Pope John Paul began a historic pilgrimage to Syria on Saturday with an emotional plea to Israel and its Arab neighbors to turn "fear into trust" to end decades of war in the Middle East.
His tour in the footsteps of St Paul the apostle, already a landmark of inter-faith unity for his groundbreaking gesture of reconciliation with the Orthodox Church in Greece, was to include the first visit by a Pope to a Muslim mosque.
In his address at Damascus airport, the Pope said he hoped that, in the region, "fear will turn into trust and contempt to mutual esteem, that force will give way to dialogue, and that a genuine desire to serve the common good will prevail".
His visit, the first to Syria by a Pope, will give a boost to the 2.4 million Christians among Syria's 17 million people.
President Bashar al-Assad, who along with government ministers and clerics gave the Pope a warm welcome, called on the frail 80-year-old Pontiff to stand by the Arabs in their struggle to regain their land and their rights from Israel.
"We feel that in your prayers in which you recall the suffering of Jesus Christ, you will remember that there is a people in Lebanon, the Golan (Heights) and Palestine that is suffering from subjugation and persecution," he said.
"We expect you to stand by them against the oppressors so that they could regain what was unjustly taken from them."
Assad, who stirred a storm in March by saying Israelis were more racist than Nazis, said the suffering of Arabs under Israeli occupation was similar to the biblical suffering of Jesus Christ at the hands of first century Jews.
He said Israel was killing Palestinians, violating justice, occupying Arab land and attacking Muslim and Christian religious sites.
ARDENT PRAYER OF HOPE
In response, the Pope quickly got to the heart of his hope for the trip, to encourage all sides in the Arab-Israeli conflict to change their attitudes and seek lasting peace.
"My pilgrimage is also an ardent prayer of hope," said the Pope, who on Monday will pray for peace at a town in the Golan Heights near the border with Israel.
"It is time to return to the principles of international legality; the banning of acquisition of territory by force, the right of peoples to self-determination, respect for the resolutions of the United Nations and the Geneva convention," he said, repeating a statement he made last January at the Vatican.
He did not mention Israel by name, but that section of his speech appeared to be a reference to the Jewish state, which is locked in conflict with the Arabs over the return of occupied land in exchange for peace.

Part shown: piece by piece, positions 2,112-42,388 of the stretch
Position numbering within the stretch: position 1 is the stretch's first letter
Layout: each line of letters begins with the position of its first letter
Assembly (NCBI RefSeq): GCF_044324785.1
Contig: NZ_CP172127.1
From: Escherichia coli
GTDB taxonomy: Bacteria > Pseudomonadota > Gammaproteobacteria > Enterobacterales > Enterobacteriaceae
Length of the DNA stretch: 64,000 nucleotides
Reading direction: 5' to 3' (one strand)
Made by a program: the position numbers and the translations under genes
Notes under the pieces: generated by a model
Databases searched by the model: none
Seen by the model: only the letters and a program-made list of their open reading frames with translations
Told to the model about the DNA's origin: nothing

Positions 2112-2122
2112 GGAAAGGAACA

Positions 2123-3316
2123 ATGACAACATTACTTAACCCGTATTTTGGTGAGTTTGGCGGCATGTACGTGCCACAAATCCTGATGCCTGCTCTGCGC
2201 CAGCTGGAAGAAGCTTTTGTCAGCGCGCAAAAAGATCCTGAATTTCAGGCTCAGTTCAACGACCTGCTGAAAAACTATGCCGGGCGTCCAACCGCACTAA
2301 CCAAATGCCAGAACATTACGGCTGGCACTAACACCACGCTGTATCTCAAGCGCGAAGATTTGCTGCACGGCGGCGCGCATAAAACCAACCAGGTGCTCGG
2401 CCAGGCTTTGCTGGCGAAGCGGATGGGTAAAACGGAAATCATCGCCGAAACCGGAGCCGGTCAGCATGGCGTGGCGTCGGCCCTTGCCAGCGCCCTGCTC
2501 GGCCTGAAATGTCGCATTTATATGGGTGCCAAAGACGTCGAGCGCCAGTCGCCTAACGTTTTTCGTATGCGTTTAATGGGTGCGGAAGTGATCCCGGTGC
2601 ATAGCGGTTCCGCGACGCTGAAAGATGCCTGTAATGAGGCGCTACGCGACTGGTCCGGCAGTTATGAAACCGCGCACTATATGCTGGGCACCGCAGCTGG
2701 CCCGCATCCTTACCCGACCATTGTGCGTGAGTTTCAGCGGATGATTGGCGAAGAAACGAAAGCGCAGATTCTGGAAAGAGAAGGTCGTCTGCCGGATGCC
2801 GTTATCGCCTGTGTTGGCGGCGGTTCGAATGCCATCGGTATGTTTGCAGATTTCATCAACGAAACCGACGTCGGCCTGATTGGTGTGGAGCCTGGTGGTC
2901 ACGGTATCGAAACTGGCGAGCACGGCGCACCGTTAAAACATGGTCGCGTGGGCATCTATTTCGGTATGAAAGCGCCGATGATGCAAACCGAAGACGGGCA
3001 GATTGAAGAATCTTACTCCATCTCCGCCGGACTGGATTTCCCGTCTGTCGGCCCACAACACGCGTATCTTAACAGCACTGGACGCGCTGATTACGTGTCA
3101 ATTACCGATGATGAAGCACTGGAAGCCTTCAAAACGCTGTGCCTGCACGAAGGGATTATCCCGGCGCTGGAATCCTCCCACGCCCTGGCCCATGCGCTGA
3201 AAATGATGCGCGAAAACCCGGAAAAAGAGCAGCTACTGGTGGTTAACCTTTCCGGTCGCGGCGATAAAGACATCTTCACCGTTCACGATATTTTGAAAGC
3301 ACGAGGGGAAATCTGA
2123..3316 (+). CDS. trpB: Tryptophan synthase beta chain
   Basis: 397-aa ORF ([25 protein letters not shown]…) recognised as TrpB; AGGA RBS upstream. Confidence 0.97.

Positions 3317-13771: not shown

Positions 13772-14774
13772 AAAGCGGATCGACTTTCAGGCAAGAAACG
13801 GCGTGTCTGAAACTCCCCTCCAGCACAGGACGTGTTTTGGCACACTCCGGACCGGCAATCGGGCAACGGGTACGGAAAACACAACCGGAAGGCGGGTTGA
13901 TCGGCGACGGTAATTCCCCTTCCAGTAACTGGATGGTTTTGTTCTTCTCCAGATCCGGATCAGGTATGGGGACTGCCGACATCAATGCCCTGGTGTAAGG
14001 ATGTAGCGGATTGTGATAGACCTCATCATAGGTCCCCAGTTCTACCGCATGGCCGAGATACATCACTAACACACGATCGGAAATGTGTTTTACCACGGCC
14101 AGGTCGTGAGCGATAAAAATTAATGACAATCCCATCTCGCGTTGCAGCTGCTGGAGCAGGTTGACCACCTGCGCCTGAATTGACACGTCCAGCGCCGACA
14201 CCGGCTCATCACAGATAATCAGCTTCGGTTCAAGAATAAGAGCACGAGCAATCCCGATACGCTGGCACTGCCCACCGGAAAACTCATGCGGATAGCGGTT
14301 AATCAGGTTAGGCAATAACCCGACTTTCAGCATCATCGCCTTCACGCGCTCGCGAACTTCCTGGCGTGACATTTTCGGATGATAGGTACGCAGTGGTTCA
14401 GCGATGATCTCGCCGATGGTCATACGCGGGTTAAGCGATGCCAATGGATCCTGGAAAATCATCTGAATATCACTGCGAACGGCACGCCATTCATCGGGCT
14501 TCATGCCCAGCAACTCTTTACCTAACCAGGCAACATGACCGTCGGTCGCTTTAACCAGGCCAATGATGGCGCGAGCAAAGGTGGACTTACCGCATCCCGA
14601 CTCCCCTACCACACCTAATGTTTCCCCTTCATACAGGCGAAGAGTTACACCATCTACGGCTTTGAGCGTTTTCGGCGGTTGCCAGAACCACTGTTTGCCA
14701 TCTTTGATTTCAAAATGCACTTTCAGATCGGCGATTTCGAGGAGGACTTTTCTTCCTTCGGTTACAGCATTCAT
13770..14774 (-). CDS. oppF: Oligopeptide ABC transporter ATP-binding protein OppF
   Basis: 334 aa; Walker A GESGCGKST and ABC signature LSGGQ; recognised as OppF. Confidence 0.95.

After a short break, the Pontiff had a 20-minute private audience with Assad at the presidential palace in which the Syrian leader spoke about the history of Christianity in Syria, church sources said.
The Syrian state news agency Sana quoted the Pope as telling Assad "Syria remains young in history and today it is led by a young man. That is why everyone expects a lot from her."
The Pope shared his first prayers in Syria with Greek Orthodox bishops at the ancient Byzantine Mariyamiya church, which has a fine collection of 18th century icons.
Outside the church, located in the Christian quarter of Old Damascus, the Pope received a tumultuous welcome from an enthusiastic crowd in festive mood, in sharp contrast with his controversial visit to mainly Orthodox Greece.
The fervent crowd broke through the security cordons around the "Pope-mobile," wanting to touch him to get his blessing. Security forces had to push them back to allow the tired-looking Pontiff to go into the church.
"It is like a dream come true. We've been waiting for him for a long time to visit us," said Nadia Laham, an elderly woman. "He is a preacher of peace."
The Pope's delicate pilgrimage of religious and political peace will take him to the demolished town of Quneitra, which Israel returned in 1974 after capturing it from Syria along with the rest of the Golan Heights in the Six Day War of 1967.
He said true and lasting peace would be achieved only if there was a "new attitude of understanding and respect" among Jews, Muslims and Christians in the Middle East.
Waving papal and Syrian flags, about 1,500 students cheered and chanted "We love you, John Paul" and "Syria welcomes your Holiness" when he emerged from his plane where Assad waited to shake his trembling hand. The Pope blessed Syrian soil offered to him in a wooden box wrapped with Syria's flag.
Wearing his traditional white robe, the Pope arrived in Damascus from a trip to Greece that may prove a turning point in Roman Catholic ties with the Orthodox Church.
On Friday he had asked forgiveness for the wrongs done by Roman Catholics to Orthodox Christians since the Great Schism of 1054 split the Church into eastern and western branches.
In a mass before leaving, he said all Christians should show "passion" for eventual unity between all branches of Western and Eastern Christianity.
During his four days in Syria, the tireless Pontiff will pursue the theme of unity and reconciliation between religions by becoming the first Pope to visit a mosque.
He will recite a joint invocation -- not a prayer -- with Muslim clergymen at the ancient Umayyad Mosque in Damascus.
John Paul's pilgrimage retraces the steps of St Paul, the Jew who converted to Christianity on the road to Damascus and later preached in Athens and Malta on his way to Rome.
Damascus, the world's oldest inhabited city, has given the Roman church six popes as well as saints and priests over the centuries, and John Paul acknowledged its ancient role in the history of Christianity, calling it the "pearl of the East." – DAMASCUS (Reuters)
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